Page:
More tailored strategies could improve PrEP provision in family planning clinics.
In the Southern United States, there is a low availability of PrEP-providing clinics, and little is known about the factors which influence PrEP implementation in this region, due to the varying state-level policies.
Recently, investigators from the Emory University School of Medicine, in collaboration with the University of North Carolina at Chapel Hill, sought to explore the state-level clustering of organizational constructs relevant to PrEP implementation in family planning clinics within the Southern US.
The data was presented at the 11th International AIDS Society Conference on HIV Science.
For the study, the team of investigators conducted surveys of providers and administrators at publicly-funded family planning clinics who did not provide PrEP in 18 states between February and June of 2019.
A Consolidated Framework for Implementation Research (CFIR) was used to inform construct selection, which included the readiness to implement PrEP and others previously associated with PrEP readiness.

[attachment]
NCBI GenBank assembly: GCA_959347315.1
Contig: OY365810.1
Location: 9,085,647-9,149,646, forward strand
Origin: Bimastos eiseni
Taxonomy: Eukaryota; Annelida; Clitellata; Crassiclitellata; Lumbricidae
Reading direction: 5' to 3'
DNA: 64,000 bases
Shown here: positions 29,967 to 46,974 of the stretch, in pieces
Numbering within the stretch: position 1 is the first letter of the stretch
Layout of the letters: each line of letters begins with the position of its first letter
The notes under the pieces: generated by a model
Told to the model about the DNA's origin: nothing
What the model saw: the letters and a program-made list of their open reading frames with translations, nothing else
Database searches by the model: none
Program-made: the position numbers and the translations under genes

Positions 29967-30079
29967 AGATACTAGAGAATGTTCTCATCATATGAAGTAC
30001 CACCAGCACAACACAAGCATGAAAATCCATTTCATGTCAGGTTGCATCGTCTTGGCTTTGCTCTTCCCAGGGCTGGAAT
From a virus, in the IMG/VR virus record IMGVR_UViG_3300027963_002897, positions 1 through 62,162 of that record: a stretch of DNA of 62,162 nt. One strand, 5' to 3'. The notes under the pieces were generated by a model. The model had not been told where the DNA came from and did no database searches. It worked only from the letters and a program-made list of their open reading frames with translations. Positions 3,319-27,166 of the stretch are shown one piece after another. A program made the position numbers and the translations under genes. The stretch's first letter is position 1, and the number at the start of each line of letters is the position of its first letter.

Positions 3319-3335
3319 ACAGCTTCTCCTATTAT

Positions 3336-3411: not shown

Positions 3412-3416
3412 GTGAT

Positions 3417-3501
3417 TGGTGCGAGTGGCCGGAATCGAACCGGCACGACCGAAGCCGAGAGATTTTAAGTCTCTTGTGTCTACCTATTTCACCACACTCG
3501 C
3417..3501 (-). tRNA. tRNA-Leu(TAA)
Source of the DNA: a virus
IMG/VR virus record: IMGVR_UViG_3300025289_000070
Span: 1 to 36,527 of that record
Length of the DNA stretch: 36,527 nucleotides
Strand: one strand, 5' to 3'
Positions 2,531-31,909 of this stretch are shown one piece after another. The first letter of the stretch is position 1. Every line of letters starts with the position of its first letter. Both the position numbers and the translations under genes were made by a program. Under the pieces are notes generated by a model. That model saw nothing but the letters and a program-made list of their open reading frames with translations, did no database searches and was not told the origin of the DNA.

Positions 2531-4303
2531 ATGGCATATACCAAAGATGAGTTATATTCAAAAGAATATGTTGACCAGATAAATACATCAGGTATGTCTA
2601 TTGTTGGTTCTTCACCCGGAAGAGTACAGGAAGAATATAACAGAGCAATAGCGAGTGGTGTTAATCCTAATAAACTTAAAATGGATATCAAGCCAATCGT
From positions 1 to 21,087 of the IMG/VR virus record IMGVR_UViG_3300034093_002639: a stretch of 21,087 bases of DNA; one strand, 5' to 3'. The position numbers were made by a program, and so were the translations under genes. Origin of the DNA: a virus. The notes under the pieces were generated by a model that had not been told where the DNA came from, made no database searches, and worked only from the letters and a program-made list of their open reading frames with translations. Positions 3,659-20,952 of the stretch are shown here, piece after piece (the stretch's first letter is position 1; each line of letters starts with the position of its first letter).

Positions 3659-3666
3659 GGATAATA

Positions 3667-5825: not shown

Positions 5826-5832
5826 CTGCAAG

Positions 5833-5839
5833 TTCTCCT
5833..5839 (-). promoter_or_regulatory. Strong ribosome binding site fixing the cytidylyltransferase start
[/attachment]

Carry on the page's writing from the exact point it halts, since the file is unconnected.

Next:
A linear mixed model with fixed effects for state, provider, and clinic-level covariates, and a random effect for clinic was also used to analyze each construct.
Findings from the study showed that clusters 1 and 2 were separated from cluster 3 by PrEP readiness, HIV-specific implementation climate, PrEP-specific leadership engagement, PrEP attitudes, PrEP knowledge, and general resource availability.
Cluster 2 was distinguished from cluster 1 by PrEP-specific resource availability, PrEP attitudes, and general implementation climate. Additionally, all states in cluster 3 had expanded Medicaid when compared to 1 state in cluster 1 and none in cluster 2.
“CFIR constructs relevant for PrEP implementation exhibited state-level clustering, suggesting that tailored strategies could be used by clustered states to improve PrEP provision in FP clinics,” the authors wrote. “Medicaid expansion was a common feature in states within C3, which could explain the similarity of their implementation constructs. The role of Medicaid expansion and state-level policies on PrEP implementation warrants further exploration.”